On July 1st the two year state budget comes to an abrupt end. Delegate Rob Bell says if that deadline comes and goes, there is no precedent for what happens next.
"We are in uncharted water. We have not yet in the history of the Commonwealth had a time we got past July one without having some kind of budget in place. And so no one knows exactly what will happen."
Miss that day, and there is no plan for how to pay state employees, bonds for public school buildings and universities or vendors that supply the government. And that's just the beginning.
The governor could have some power for emergency spending if that happens. “Emergency” could mean prison guards, state police, and that kind of thing.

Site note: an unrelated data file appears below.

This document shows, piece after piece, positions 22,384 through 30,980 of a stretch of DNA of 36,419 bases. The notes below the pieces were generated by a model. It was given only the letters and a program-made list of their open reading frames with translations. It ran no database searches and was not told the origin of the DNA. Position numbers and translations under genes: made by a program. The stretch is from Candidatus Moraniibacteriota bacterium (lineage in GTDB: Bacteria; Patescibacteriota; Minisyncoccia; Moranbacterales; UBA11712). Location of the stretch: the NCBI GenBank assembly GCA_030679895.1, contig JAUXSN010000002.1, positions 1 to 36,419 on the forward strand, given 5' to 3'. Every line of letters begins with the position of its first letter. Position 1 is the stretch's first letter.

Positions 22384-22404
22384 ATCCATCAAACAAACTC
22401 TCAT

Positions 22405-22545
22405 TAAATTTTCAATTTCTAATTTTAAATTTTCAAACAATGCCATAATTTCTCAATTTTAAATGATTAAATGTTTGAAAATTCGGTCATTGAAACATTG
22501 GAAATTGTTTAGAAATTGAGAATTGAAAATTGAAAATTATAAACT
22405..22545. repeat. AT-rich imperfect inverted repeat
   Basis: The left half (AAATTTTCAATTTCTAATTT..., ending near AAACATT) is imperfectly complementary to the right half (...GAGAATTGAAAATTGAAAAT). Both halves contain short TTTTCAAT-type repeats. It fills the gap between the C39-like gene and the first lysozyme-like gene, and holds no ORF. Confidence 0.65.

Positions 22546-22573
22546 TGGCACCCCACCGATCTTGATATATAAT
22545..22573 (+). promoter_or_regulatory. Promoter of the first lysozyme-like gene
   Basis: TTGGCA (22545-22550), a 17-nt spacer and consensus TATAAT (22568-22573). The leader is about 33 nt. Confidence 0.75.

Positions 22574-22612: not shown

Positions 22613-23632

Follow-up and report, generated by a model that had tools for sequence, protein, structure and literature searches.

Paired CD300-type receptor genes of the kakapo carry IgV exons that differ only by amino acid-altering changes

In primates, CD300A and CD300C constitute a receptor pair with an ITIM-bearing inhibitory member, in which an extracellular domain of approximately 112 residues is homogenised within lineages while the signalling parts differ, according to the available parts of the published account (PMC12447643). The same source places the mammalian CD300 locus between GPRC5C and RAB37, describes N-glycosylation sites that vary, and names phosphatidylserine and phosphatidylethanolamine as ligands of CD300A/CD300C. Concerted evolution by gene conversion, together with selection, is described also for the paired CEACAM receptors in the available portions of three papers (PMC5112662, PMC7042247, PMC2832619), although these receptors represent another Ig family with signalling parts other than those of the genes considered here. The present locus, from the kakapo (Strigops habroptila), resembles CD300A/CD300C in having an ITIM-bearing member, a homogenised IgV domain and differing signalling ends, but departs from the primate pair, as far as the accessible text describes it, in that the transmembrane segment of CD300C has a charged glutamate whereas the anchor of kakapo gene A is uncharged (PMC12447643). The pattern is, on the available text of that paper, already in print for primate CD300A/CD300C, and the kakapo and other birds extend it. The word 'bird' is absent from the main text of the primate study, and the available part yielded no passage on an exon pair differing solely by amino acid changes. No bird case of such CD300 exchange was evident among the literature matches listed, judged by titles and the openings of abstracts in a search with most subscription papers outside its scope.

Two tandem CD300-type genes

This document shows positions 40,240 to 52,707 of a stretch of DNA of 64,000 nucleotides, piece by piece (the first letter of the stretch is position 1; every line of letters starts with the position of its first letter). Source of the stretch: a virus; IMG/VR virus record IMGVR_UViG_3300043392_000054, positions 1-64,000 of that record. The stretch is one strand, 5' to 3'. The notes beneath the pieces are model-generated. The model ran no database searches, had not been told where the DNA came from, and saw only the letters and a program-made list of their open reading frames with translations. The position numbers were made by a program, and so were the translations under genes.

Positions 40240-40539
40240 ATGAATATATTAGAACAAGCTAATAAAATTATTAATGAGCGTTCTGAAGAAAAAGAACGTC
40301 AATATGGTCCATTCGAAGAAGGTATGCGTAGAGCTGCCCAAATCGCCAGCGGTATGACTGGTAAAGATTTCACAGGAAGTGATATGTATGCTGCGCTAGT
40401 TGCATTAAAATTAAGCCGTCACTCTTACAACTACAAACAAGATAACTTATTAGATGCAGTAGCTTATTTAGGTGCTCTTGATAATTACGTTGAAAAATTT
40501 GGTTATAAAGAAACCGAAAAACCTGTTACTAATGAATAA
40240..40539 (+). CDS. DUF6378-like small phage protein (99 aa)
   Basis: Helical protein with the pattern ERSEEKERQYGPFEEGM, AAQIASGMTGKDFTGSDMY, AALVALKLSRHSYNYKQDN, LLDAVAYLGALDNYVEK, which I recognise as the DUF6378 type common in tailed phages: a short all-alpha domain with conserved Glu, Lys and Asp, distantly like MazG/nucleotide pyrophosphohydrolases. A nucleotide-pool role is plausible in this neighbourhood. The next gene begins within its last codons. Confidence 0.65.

But Bell says if he does there could be legal ramifications.
"The constitution says the governor cannot spend money absent to a law, the law being the budget law."
And while July 1st is the ultimate deadline, there are other agencies that are feeling the impact already.
"And so at this point the local governments would like to know what kind of money they are going to get so they can plan their budgets. Obviously you have school systems planning for summer school and for the fall."
So what's the hold up? The difference between the house and senate spending plans all boils down to Medicaid and whether or not to extend coverage.
"Aside from Medicaid there are very few differences between them. What you have is a broad agreement on all the issues in front of us the big exception is Medicaid. "
A University of Virginia spokesman says they have not received any directive from the governor to come up with a backup funding plan. But they say they are watching the situation in Richmond closely.
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